October 26, 2021

I, Science

The science magazine of Imperial College

Federico Barni reviews Zhao Liang's observational documentary and portrait of modern China, 'Behemoth'.

Behemoth posterBehemoth (Bei xi mo shou) by Zhao Liang. Duration: 95 mins. Rating: 4.5 / 5.

The inherent tensions between Chinese national ideology and the country’s newfound global economic stature have materialised in non-fiction films frequently and in various forms. The derelict factories of Wang Bing’s West of the Tracks (2003), the Three Gorges Dam in Yung Chang’s Up the Yangtze (2007) and the annual migration of workers in Lixin Fan’s Last Train Home (2009) are all portrayed as ambiguous monuments to the impact left by consumer capitalism on the working class of China. Zhao Liang’s latest documentary epic could be seen as the latest instalment in this series of timely filmic critiques, but the masterfulness with which its images and sounds immortalise this contemporary struggle will undoubtedly resonate, move and enchant for a long time to come.

The human consequences of China’s ruthless mobilisation of resources and workforce are instantly laid bare by a series of staggering images that depict a country devouring itself in the search for coal and steel. These images, whose compositional excellence probably owes much to Liang’s origins as a photographer, depict beautiful Inner Mongolian landscapes as they are turned from green to black by the relentless expansion of open cast mines. When we zoom into detail, the representation of workers and their labour presents portrait-like qualities, not only as a consequences of the film’s prevailing direct cinema aesthetic but also because of the emphasis given to their bodily presence and experiences. Burnt skins, scarred limbs and laboured breathing come to signify more than any line of dialogue could have, and the framing of these fragile, mute figures at work in the midst of these unearthly environments paints a devastatingly exhaustive picture of alienation.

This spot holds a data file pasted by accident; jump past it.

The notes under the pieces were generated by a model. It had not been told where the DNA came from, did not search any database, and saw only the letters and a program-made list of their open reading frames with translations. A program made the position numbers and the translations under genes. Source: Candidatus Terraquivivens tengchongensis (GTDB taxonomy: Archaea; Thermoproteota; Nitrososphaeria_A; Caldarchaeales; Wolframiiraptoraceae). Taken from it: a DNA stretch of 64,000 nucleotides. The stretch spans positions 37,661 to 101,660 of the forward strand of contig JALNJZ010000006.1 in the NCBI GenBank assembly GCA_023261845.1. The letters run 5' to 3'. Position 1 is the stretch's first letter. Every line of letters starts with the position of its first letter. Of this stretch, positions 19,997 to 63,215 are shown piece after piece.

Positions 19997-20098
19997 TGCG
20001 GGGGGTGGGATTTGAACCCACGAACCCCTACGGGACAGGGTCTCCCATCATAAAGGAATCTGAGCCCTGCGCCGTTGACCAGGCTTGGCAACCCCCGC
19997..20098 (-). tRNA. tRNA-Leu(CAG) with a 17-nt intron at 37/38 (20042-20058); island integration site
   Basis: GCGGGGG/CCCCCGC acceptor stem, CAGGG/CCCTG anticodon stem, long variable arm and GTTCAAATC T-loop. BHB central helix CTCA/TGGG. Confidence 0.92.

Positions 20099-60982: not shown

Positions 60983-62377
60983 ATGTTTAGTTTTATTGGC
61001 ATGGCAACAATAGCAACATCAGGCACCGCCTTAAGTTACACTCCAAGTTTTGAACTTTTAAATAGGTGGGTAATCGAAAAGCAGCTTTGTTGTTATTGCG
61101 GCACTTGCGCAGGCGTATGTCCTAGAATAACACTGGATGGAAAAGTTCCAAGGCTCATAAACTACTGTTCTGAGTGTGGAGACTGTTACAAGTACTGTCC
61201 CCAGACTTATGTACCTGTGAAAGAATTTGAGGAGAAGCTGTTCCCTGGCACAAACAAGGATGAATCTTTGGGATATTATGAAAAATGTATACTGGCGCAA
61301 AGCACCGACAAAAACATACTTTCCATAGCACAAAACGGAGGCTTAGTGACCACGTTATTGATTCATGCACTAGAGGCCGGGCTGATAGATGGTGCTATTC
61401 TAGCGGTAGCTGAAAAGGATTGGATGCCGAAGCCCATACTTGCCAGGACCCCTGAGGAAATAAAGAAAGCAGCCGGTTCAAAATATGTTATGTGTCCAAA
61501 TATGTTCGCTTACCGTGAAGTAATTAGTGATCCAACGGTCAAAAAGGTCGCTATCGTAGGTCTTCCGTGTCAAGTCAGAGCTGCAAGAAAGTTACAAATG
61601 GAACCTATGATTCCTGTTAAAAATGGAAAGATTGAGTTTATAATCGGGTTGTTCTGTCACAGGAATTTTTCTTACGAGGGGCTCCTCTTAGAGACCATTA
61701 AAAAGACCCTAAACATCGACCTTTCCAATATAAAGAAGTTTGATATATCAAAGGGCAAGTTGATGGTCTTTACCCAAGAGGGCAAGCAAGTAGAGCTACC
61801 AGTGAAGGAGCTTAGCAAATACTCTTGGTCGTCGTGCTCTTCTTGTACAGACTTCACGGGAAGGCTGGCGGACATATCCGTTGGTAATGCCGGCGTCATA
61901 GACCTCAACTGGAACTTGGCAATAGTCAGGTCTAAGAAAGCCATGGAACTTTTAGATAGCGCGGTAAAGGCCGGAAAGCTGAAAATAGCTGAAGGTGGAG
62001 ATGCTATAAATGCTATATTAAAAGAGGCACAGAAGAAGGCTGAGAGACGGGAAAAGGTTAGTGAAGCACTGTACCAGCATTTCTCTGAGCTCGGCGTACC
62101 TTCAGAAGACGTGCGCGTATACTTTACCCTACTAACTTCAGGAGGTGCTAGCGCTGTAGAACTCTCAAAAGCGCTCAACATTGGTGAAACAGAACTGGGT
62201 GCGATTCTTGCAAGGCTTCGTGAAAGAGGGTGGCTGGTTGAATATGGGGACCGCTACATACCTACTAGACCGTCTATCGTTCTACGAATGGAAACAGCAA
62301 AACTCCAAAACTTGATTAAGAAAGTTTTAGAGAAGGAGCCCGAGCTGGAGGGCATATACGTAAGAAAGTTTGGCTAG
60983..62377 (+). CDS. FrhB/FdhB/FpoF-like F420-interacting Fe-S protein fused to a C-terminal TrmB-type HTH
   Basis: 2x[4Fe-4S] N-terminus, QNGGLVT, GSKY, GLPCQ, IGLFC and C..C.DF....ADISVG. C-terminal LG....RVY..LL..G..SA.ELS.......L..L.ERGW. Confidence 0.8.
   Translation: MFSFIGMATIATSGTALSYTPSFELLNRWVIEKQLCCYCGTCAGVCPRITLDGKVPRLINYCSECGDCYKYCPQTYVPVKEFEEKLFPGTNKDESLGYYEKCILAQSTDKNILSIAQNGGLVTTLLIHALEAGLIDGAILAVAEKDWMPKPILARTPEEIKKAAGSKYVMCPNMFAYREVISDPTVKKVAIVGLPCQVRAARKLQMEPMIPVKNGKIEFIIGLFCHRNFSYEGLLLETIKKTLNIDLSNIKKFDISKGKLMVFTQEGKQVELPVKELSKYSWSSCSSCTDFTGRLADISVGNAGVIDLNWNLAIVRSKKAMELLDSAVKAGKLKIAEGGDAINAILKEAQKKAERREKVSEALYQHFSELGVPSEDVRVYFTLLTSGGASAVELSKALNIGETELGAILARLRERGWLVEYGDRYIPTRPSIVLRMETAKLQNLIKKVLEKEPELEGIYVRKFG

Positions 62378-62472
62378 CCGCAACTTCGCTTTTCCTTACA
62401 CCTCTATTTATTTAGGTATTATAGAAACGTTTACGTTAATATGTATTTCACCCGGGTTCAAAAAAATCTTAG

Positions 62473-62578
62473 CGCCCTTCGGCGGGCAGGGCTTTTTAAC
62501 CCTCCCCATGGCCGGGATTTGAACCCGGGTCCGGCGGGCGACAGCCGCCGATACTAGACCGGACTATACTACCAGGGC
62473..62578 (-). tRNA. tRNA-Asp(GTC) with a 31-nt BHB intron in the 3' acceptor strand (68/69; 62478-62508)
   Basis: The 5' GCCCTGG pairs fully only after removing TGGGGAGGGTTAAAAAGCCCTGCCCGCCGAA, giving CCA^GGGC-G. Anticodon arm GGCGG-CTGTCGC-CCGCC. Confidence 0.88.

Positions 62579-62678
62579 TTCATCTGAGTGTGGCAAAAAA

man's face covered in coal

Whilst the biblical title, the denial of communication and the focus on the sensorial aspects of industrial work might call to mind Lucien Castaign-Taylor and Verena Paravel’s Leviathan (2012), Behemoth is an entirely different beast and that is mainly because of the resounding quality of Liang’s authorial voice. If Leviathan is an unbridled creature of the sea, whose unshakeable faith in reality allows beauty to emerge from the chaos by its own means, Behemoth is a carefully assembled colossus, impeccably constructed by its author to suggestively convey a simple yet poignant political message. The clinical precision of the sound design exemplifies this; unnecessary sonic cues are silenced to let the foley work single out specific aspects of the industrial clatter. Elsewhere, it clarifies the meaning of certain moments of introspection, such as when a man’s picking of his calloused hands resonates more than it should.

mountain being blown up

However, the most evident contribution that the author brings to the film is its poetry, developed with the aid of a narration rich with epic undertones that references both biblical mythology and Dante’s Inferno. As bulldozers seen from an aerial point of view are described as evil machines carrying out invisible orders from above, the sinister masterplan behind these industrial routines truly feels exposed in a chilling manner. At times, the visibility of the authorial voice seems to exceed its usefulness. The frequent insertion of a naked fictional figure within the alien landscapes adds little to the images, and seeing a plant reflected in a moving mirror within a desolate forest of newly built but unoccupied high-rises (the end result of the exploitation portrayed), force us to try and find further symbolism in what already is an arresting sight. But for the most part, Liang’s aesthetic choices, like that of slowly fading into a foundry scene from a bright red screen, immanently place the viewer together with the worker in the midst of a hell of heat and noise. And it is this remarkable sensibility, helped by the impressive intimacy obtained in spite of the guerrilla-filming conditions and a sparse but appropriate use of unpredictable music, that transforms a series of visually remarkable situations into a masterwork of filmmaking.

Images: Behemoth film posterChinese worker, mining scene from Zhao Liang at nytimes.com

Behemoth was previously available to view at the Institute of Contemporary Arts. Available now to watch via Lovefilm.com or to pre-order on Amazon.

Federico Barni is studying for an MSc in Science Media Production.